PS Audio aspen FR10 Loudspeaker Passive Radiation

Passive Radiation

An ABR (Auxiliary Bass Radiator) is a potentially superior method of reflex-loading an active bass unit and extending its low frequency 'heft'. The traditional port tube is, of course, the more cost-effective option for designers but, as I discuss below, the 'plastic pipe' is not without its shortcomings. PS Audio, like GoldenEar and others [HFN Jan '24], is a fan of ABRs – here the mass of air within a port tube is substituted for the more substantial moving mass of a diaphragm to form a Helmholtz resonator with the compliance of the air trapped in the cabinet. It's effectively a drive unit without a motor (so no voice coil and no magnet) but with a more compliant surround to ensure free and extended excursion at very low frequencies. In this case the FR10's lightweight, flat but very rigid sandwich cones, with a soft rubber surround, are designed to offer 2-3x the displacement of the active, front-facing 165mm sandwich coned drivers.


The exact shape of the ABRs is not critical at these very low frequencies/long wavelengths so PS Audio has opted for an oval (230x150mm) profile simply to maximise the useable surface area on the rear of this fairly narrow cabinet. (Strictly, it's neither oval nor elliptical, but shaped like a race track.) The uniformity of the rubber surround between its linear and curved sections requires some attention, but this has been well understood since the development of the earliest flat sandwich 'ovals', including the famous KEF B139 driver from the 1970s – the latter offered in 'active' and 'passive' forms.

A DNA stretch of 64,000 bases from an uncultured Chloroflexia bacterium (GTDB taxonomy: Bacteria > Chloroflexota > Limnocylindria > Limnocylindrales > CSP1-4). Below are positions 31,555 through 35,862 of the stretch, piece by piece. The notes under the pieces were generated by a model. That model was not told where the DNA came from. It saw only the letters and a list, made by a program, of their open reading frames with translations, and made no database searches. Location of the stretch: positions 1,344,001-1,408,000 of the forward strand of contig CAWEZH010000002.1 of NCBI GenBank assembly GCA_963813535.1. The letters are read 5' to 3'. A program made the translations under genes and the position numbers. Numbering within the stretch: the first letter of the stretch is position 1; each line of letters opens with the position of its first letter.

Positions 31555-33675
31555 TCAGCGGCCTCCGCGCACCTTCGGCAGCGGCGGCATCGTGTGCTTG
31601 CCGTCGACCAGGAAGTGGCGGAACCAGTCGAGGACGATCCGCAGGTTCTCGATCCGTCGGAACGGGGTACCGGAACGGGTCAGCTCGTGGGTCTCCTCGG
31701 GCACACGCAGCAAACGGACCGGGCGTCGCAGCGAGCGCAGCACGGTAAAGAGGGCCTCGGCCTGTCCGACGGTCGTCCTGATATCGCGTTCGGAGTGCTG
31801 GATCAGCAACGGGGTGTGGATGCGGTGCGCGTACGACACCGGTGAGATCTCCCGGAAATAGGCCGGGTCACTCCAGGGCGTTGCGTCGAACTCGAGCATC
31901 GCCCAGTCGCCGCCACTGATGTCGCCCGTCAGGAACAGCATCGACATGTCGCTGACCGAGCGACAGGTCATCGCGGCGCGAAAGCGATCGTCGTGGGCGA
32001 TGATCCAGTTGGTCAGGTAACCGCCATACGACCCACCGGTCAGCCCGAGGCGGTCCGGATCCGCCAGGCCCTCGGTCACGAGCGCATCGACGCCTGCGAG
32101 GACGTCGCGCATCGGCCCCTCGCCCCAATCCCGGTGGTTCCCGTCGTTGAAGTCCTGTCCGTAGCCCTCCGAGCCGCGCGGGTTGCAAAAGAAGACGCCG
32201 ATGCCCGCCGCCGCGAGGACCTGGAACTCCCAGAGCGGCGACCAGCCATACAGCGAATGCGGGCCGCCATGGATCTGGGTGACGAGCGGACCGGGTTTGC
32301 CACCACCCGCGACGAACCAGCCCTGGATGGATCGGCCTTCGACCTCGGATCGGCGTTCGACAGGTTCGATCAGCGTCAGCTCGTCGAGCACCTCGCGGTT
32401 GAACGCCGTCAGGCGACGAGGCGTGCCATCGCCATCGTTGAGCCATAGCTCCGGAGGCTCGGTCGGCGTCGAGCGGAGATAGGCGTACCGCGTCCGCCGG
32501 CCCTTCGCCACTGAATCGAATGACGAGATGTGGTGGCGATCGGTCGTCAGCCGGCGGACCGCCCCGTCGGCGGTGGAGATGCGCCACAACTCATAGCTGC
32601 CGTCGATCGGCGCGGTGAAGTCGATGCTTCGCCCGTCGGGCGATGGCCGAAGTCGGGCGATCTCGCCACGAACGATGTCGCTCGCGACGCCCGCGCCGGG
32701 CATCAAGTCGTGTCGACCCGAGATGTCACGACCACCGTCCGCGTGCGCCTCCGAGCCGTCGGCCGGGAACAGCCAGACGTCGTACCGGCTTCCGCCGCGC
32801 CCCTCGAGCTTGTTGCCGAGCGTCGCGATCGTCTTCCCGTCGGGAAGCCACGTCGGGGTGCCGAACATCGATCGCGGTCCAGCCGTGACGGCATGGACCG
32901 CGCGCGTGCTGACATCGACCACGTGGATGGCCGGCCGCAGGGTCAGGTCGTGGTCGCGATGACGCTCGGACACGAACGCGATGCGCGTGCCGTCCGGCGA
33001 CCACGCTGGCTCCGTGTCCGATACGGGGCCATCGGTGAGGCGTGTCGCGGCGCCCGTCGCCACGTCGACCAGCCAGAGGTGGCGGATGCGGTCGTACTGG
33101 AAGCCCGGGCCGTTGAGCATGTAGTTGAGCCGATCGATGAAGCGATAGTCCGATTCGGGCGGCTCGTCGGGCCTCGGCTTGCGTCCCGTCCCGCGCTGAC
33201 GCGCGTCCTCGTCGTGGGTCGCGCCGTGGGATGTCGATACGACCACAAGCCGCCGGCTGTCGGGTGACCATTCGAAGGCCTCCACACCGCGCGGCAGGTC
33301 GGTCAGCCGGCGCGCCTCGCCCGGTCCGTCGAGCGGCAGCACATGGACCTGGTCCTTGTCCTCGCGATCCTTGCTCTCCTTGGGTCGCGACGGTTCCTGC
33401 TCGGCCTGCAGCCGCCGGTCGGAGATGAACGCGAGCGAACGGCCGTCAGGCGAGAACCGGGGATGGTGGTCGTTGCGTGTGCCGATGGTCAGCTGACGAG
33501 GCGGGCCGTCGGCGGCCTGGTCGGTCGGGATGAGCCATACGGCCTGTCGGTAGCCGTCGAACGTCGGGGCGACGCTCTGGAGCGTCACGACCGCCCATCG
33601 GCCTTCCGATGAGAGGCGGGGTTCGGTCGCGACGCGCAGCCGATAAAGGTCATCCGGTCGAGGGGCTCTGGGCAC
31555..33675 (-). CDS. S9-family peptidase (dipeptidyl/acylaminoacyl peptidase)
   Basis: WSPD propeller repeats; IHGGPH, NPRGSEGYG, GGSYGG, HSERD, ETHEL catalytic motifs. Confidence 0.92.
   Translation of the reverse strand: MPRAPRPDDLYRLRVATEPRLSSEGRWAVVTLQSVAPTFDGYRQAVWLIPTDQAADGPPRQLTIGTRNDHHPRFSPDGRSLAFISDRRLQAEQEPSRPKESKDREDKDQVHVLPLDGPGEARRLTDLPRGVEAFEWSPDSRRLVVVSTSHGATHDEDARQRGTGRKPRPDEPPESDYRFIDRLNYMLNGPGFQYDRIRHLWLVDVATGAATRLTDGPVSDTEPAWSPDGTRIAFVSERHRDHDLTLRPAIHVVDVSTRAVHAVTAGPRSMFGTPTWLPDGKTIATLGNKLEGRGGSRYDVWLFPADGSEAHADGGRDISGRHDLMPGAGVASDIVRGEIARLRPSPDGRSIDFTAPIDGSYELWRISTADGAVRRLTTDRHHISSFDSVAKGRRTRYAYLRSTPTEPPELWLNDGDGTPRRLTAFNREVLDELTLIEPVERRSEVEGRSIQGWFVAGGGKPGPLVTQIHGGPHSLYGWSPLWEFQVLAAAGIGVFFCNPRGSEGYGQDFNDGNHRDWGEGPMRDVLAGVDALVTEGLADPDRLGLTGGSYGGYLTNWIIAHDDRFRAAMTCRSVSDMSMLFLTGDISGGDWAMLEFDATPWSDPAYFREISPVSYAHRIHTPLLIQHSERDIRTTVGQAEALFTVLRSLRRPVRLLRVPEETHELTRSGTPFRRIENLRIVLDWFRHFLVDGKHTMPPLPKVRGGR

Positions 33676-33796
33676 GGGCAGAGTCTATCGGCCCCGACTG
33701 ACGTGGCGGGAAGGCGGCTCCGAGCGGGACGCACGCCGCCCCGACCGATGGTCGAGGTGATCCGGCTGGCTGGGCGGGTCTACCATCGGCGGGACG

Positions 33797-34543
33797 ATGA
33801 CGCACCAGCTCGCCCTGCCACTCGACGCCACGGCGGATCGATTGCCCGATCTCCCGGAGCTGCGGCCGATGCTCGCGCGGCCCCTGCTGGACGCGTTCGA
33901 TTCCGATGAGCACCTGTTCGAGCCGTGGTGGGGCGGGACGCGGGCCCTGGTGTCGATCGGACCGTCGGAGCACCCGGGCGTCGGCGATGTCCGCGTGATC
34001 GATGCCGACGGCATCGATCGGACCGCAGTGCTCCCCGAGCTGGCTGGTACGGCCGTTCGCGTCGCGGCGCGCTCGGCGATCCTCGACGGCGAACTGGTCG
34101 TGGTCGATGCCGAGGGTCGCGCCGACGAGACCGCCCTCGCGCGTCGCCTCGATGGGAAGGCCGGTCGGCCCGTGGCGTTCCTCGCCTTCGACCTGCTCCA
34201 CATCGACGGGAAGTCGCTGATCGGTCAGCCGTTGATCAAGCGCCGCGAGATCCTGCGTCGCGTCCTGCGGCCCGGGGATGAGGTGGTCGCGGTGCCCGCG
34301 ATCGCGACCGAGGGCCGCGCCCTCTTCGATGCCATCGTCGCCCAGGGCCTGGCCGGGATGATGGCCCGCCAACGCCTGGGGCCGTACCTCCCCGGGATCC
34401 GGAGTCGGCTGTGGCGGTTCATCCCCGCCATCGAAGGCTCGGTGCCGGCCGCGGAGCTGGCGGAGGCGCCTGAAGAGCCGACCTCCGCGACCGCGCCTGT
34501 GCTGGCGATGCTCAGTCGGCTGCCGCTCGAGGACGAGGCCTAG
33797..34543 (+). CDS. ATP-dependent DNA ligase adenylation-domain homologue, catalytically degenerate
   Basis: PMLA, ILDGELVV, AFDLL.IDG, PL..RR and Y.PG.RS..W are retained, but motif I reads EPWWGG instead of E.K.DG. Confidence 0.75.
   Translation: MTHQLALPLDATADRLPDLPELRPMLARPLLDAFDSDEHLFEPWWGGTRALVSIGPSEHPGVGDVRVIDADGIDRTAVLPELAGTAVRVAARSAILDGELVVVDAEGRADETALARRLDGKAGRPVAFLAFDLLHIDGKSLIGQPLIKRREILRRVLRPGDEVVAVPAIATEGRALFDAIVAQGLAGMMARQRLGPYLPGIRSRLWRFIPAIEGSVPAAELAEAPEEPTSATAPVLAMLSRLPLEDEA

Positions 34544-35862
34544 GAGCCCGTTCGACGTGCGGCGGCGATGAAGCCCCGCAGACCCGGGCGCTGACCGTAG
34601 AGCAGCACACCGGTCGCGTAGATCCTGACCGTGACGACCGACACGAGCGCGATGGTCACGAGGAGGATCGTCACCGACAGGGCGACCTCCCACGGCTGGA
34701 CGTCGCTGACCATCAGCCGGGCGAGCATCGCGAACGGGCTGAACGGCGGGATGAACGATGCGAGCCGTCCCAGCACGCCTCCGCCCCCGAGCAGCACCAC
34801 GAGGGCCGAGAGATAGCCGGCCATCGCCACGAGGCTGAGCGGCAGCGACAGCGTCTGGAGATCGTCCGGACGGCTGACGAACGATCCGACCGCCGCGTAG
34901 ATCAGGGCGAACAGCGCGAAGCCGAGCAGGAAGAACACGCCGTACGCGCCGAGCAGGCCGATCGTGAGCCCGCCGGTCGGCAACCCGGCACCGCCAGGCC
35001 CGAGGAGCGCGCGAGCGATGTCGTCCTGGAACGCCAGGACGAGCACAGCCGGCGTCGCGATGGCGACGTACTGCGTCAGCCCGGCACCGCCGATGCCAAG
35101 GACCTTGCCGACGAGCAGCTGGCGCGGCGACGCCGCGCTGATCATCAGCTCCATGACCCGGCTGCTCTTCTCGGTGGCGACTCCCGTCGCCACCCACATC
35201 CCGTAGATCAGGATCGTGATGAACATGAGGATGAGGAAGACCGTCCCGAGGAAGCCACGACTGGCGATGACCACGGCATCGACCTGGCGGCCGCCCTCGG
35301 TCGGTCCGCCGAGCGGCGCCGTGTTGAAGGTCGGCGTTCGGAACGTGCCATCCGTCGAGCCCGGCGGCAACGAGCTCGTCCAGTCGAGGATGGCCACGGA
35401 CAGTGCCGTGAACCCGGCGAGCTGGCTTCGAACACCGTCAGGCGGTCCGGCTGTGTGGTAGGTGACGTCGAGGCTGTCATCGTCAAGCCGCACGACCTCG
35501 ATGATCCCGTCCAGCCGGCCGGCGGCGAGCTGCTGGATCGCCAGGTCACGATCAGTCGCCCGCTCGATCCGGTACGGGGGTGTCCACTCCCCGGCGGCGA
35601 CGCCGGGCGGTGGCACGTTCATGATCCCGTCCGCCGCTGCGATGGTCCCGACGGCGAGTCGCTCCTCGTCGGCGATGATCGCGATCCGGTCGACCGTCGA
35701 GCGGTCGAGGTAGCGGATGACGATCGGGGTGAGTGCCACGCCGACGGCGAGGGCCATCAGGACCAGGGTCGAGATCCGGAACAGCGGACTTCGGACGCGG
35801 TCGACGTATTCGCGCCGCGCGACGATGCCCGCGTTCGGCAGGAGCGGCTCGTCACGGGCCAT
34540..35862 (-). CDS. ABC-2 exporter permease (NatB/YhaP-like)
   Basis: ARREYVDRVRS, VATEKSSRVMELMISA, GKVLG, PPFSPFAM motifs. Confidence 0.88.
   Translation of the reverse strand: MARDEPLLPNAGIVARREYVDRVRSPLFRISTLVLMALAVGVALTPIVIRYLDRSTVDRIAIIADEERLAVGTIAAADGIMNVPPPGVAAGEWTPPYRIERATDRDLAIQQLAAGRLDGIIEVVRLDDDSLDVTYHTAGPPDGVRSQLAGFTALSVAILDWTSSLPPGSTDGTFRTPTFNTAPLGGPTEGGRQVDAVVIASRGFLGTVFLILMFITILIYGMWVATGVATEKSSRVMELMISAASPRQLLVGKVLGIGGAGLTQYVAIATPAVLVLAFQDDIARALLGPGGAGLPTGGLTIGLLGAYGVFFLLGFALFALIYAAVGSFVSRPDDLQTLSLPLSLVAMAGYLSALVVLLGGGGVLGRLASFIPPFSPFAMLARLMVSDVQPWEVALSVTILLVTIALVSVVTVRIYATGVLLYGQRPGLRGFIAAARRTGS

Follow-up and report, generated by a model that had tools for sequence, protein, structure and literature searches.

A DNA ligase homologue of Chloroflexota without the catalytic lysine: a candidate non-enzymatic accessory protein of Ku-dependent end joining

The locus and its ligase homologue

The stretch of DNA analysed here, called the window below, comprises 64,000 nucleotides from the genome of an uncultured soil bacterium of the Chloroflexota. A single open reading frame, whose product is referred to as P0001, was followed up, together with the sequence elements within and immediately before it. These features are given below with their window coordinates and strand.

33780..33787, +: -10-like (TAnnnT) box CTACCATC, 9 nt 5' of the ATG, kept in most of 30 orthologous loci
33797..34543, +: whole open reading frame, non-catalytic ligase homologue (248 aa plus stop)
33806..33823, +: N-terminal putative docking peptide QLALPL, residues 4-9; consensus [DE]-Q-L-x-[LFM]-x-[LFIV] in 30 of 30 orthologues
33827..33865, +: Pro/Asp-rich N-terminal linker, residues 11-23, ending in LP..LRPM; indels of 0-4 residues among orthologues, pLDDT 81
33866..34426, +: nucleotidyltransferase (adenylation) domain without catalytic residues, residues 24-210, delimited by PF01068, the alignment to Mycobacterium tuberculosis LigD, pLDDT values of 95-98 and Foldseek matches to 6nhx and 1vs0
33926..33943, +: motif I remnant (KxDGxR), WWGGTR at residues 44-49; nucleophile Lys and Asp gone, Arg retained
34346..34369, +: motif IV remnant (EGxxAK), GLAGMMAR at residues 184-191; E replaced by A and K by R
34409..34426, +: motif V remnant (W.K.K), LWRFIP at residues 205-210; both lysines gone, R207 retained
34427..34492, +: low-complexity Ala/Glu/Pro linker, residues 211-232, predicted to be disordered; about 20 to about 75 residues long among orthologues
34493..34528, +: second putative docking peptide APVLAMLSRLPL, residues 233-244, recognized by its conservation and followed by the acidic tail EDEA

ABRs offer advantages over ports because they avoid the turbulent airflow that may result from high tube velocities – a source of 'chuffing' and other distortions – while attenuating enclosure quarter-wave and other resonances that would otherwise sail clear from a duct. ABRs can also assist in the optimum low-frequency tuning of a speaker in a room. Ideally, the ABRs would be placed in force-cancelling guise opposite one another on the sidewalls of the cabinet, as we saw in the FR30 and FR20. While this confers benefits in resonance control, for reasons of aesthetics and economy PS Audio has placed its ABRs on the rear of the FR10 with the lowest radiator very near the floor to leverage further reinforcement from boundary gain. In practice, the FR10s may also be sited closer to the rear wall, bringing two boundaries into play, and potentially lifting the bass still further without causing major anomalies in response. PM

PS Audio
Boulder, Colorado
Supplied by: Signature Audio Systems, UK
07738 007776